Faith In International Relief Part Four

Haroon Kash from Islamic relief concludes his comment on faith in international relief work.

Being part of an organization that is identified with the Muslim faith offers many rewards but also many challenges. One of the greatest challenges has been the increased suspicion that now surrounds the work of Muslim aid agencies since 9/11. While being identified as a Muslim organization may have made things difficult it is also something that some communities we work with value in us. For individuals such as me involved in work on the ground, it has made us more determined that humanitarian principles will win out.

The ‘baggage’ associated with the Islamic Relief logo varies from country to country. In Afghanistan where people are very wary of NGOs it opened some doors that would otherwise have remained shut. While in Bosnia and Kosovo it was looked upon negatively.

Personally I have always found working for an Islamic charity to offer a certain degree of personal comfort. It has also aided my interaction with local communities. I know that circumstances for Muslim charities have changed in recent years but I try to concentrate on ensuring that in an emergency situation aid is delivered effectively to those who need it most. This is the common cause of all those involved in humanitarian work and it should not be undermined.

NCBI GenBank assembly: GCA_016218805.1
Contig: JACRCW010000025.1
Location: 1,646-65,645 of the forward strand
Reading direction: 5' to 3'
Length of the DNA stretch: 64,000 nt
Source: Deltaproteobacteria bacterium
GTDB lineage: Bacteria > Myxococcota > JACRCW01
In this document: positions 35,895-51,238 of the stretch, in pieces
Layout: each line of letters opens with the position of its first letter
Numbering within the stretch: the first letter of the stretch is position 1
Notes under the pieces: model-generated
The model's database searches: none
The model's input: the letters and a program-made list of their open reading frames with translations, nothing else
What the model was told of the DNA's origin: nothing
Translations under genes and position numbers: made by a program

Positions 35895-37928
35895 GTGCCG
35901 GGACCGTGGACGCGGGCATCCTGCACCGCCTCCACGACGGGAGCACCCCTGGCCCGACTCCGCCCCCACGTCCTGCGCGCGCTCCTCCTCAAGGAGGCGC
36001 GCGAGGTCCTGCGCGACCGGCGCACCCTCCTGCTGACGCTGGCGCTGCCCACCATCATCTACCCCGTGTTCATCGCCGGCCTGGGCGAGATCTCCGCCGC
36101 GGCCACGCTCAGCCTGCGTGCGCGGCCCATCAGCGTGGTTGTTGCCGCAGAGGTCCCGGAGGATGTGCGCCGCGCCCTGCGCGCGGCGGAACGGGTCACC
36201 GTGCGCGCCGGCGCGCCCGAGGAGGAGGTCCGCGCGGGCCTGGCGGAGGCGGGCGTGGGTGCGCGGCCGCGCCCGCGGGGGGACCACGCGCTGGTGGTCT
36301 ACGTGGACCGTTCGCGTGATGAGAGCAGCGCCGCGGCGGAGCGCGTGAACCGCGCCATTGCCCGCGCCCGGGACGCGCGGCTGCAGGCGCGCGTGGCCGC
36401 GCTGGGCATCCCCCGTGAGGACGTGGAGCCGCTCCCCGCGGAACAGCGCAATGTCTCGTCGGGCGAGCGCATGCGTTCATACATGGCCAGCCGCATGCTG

One of the great advantages of working for a faith based charity such as ours is that you are also able to tear down negative stereotypes that are often associated with your faith. We deliver aid to all communities and faiths with no strings attached – and that gives me great personal satisfaction.

Haroon Kash is Regional Programme Coordinator for Asia at Islamic Relief and has 12 years experience of working in international development. He worked in Bangladesh after Cyclone Sidr and was Islamic Relief’s Head of Mission in Indonesia after the tsunami.